This page contains information and handy tips about how to conserve water.
29/04/2020 9:04 p.m.
Where does the water go on a daily basis?
- cooking, drinking and hand washing - 25 litres per person.
- bathing - 80 litres per person.
- showers - 30 litres per person.
- toilet - 3-9 litres per flush (dual flush).
- automatic washing machine - 49-100 litres per wash (depending on efficiency of machine).
- dishwasher - up to 35 litres per wash.
- dripping tap - can waste up to 3640 litres per year (thats more than a bath-full each week).
- a hose or garden sprinkler - can use between 1000 and 2000 litres per hour.
Checking for water leaks
Is your water bill higher than it should be? For information about how to check for water leaks, follow the link below.
Use Water Sensibly
Level 3 Water Restrictions are now in Force - do not use hoses, sprinklers, or irrigation systems at home.
Dry weather is affecting our water supply, and it's reduce consumption where we can.
Top 6 smart water conservation tips
- Wait until you have a full load before you turn on the dishwasher or washing machine.
- Turn the water off while you are brushing your teeth or lathering soap on your hands.
- Keep a jug of drinking water in the fridge and keep it topped up. If you run the tap long enough for water to cool down it can waste 10 litres a minute.
- Capture "greywater" in a bucket when you are showering, doing dishes or using water that can be used again on your garden or to flush a toilet.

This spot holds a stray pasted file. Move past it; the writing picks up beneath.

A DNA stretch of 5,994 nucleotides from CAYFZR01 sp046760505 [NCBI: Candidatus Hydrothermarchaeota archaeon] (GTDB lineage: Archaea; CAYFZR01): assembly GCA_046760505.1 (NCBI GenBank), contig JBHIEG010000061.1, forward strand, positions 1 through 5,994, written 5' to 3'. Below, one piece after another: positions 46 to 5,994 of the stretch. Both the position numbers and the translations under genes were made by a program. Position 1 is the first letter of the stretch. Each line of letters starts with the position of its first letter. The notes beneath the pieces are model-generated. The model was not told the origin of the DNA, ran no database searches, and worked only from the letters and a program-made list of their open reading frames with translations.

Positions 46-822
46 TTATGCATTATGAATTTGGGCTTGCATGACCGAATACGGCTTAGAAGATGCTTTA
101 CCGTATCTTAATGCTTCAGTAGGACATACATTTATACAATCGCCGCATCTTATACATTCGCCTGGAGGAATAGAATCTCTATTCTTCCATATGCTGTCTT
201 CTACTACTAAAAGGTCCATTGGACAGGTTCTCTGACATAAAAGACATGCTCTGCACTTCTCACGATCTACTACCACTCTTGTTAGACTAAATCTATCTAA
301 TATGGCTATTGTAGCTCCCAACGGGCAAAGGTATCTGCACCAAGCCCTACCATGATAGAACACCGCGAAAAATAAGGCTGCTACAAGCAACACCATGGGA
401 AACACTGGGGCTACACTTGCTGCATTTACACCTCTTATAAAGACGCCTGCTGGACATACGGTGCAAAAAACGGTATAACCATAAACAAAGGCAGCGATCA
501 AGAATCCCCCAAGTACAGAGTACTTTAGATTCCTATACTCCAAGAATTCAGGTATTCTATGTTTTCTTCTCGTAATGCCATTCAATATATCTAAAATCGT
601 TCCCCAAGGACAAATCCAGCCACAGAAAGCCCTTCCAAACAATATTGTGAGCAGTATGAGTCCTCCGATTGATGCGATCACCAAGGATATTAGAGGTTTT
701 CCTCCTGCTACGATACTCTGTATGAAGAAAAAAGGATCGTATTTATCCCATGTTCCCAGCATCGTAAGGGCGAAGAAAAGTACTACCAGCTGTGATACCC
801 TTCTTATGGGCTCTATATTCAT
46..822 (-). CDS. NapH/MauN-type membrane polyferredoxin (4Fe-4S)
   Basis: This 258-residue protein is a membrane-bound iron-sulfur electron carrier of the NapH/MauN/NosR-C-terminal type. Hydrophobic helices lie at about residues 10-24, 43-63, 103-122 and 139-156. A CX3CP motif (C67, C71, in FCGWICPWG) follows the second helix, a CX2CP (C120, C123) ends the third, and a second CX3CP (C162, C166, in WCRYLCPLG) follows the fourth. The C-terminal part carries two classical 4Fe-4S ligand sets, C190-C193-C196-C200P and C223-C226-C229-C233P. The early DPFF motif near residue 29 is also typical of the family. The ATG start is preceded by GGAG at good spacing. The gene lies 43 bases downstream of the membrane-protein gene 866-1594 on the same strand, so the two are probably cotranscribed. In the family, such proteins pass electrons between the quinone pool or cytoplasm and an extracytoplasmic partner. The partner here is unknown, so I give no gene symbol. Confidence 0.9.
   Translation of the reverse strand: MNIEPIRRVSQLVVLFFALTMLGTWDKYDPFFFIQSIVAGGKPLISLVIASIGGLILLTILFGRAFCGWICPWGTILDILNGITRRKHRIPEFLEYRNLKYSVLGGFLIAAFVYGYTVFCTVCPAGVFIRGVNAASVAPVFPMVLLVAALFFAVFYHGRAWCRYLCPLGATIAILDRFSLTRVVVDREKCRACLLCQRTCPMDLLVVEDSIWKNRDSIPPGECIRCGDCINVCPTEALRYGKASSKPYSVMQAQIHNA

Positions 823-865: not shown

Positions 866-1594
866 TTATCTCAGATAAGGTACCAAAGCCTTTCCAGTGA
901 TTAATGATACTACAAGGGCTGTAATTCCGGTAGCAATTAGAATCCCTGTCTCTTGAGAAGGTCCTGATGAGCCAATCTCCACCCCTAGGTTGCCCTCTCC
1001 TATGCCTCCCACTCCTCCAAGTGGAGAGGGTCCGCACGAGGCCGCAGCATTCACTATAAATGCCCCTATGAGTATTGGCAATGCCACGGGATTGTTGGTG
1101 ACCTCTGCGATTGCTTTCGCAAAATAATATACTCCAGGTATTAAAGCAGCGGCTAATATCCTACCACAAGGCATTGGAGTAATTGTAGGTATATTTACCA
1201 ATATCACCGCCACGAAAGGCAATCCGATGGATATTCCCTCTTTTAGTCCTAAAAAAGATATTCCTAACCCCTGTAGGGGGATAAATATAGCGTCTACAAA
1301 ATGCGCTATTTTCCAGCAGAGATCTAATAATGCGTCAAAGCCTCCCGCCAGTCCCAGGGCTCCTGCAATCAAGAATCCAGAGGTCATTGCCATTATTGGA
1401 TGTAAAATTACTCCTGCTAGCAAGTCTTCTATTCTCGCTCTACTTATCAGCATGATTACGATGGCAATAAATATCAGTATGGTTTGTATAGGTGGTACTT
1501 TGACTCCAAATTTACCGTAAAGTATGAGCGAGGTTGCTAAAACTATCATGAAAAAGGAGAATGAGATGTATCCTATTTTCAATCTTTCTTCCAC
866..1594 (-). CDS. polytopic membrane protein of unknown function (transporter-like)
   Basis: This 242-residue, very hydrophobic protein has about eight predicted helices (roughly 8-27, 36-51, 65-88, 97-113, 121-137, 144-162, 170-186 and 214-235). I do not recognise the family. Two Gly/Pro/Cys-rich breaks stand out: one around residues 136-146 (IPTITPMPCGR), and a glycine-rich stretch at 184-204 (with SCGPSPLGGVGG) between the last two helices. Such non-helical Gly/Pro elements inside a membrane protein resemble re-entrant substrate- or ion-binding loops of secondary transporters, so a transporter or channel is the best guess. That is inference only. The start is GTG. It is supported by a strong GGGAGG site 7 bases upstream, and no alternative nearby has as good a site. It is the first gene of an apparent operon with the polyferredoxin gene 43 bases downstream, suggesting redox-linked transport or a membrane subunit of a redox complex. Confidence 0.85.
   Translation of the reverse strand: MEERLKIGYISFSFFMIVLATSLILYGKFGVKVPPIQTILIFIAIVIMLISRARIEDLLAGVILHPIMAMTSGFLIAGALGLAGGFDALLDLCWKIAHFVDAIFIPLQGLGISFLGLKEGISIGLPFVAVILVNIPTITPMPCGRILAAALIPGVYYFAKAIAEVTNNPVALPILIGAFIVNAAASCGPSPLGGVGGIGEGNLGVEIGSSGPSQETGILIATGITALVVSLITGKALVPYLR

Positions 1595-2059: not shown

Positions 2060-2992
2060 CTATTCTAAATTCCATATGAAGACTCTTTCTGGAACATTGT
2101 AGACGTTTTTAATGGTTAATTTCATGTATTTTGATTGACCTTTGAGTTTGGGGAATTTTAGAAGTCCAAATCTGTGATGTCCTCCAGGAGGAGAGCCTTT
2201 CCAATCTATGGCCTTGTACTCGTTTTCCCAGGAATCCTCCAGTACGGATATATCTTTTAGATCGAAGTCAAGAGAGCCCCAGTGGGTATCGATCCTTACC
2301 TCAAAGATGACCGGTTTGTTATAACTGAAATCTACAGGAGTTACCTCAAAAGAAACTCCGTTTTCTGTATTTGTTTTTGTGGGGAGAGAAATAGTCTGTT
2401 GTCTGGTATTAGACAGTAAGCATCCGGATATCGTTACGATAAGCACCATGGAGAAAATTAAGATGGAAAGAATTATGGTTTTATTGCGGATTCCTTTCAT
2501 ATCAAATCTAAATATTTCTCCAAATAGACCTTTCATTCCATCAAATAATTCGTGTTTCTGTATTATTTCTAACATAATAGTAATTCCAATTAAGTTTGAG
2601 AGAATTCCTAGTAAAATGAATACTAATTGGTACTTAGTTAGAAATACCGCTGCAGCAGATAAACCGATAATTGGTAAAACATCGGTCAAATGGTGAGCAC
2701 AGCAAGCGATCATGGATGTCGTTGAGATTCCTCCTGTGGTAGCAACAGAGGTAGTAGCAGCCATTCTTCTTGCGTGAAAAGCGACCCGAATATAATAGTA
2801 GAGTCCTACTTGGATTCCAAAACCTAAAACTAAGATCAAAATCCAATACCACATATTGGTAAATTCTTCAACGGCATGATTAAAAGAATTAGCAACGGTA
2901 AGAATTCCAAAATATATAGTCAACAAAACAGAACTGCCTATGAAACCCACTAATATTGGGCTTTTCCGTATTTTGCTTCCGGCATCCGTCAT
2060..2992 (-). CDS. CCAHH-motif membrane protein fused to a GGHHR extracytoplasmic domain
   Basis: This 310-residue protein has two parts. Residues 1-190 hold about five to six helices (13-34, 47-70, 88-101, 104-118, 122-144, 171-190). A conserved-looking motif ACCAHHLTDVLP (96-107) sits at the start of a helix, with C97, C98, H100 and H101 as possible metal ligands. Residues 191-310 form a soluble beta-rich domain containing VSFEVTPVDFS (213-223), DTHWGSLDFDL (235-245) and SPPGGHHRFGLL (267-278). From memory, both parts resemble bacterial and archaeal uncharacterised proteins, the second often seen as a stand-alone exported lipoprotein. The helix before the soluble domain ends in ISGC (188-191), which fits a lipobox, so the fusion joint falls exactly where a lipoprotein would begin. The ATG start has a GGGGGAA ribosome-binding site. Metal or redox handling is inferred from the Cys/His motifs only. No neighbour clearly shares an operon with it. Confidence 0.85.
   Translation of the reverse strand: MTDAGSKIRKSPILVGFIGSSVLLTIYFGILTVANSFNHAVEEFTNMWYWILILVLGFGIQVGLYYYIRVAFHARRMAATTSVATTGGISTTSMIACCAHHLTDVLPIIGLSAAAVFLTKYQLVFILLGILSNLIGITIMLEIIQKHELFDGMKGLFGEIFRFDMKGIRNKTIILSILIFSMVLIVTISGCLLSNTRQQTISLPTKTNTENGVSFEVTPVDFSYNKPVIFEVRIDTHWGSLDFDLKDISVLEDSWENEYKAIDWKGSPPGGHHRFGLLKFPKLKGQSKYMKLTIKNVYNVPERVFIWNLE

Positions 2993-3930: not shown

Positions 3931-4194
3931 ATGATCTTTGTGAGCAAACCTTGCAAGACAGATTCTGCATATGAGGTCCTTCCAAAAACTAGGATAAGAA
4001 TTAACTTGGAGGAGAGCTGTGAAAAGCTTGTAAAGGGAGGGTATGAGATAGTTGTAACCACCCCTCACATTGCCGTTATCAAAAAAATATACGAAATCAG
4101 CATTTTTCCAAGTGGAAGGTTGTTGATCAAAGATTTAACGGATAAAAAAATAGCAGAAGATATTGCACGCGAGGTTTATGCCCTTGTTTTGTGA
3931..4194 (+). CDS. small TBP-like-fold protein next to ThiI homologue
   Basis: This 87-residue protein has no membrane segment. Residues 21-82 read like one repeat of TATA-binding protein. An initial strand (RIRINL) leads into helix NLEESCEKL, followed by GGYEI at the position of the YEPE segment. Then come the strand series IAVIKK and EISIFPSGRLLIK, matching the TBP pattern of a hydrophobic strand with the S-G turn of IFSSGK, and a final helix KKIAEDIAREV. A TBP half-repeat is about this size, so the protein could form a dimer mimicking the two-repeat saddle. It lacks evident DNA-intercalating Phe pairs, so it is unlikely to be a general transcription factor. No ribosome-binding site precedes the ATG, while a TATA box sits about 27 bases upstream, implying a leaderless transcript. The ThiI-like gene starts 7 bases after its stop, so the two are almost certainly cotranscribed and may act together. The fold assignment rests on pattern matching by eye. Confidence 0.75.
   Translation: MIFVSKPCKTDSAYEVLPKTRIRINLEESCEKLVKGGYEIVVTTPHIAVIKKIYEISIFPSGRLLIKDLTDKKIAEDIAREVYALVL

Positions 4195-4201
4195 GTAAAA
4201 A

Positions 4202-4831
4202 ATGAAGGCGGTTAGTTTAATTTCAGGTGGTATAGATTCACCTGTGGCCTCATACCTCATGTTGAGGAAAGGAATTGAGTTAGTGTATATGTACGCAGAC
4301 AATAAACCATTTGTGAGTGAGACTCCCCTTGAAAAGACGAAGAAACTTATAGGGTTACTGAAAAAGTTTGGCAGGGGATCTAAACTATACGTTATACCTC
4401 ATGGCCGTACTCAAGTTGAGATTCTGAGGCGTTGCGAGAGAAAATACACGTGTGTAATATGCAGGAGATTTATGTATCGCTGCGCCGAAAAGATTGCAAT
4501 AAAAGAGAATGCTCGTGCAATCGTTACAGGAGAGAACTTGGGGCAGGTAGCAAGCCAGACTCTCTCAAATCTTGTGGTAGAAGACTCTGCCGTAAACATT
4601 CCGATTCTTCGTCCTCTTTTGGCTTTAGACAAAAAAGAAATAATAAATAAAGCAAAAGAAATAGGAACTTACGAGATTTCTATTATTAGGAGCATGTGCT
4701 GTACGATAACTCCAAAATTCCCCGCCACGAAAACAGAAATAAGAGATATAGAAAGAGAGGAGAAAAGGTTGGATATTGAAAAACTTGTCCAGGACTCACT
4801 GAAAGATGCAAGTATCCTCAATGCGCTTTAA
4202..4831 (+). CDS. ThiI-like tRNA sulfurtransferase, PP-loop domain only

- If your toilet has a dual-flush button, use the half flush and think twice about whether you really need to flush.
- Let the car go dusty – let it show what a conscious water conserver you are.
Read a summary of the response to the Summer 2019-2020 dry weather, what Council is doing about it and what locals can do to save water.
Level 3 Water Restrictions are Now in Effect
Conserve water... and save money
The average New Zealand family uses between 250-300 litres of water per person per day. Below is helpful information on your water supply, how to minimise your water bill and conserve water.
- when buying new appliances, look for the AAA Water Conservation rating.
- make sure dripping taps and leaking pipes are dealt with as quickly as possible.
- if you have a washing machine or dishwasher, wait until there is a full load, or alternatively, use half-load facilities if available.
- in the bathroom, turn off the tap while you clean your teeth or use a mug of water.
- try reducing the amount of water in the bath or, if you have a shower, use that instead.
- when washing your hands, put the plug in the sink instead of letting the tap run.
- use a cistern weight or a brick within the toilet cistern to reduce water when flushing.
- switch off auto flush systems at night.
- in the garden use only buckets or watering cans, and water plants at times of low evaporation. Washing up or vegetable water is safe to use.
- use mulch to help retain moisture and keep out thirsty weeds.
- grow plants that flourish in dry conditions.
- soak your garden every few days rather than a quick drink every night, as this will encourage the roots to go deeper into the soil to seek out moisture.
- when washing the car use a bucket rather than a hose.
- when on holiday, turn your water off.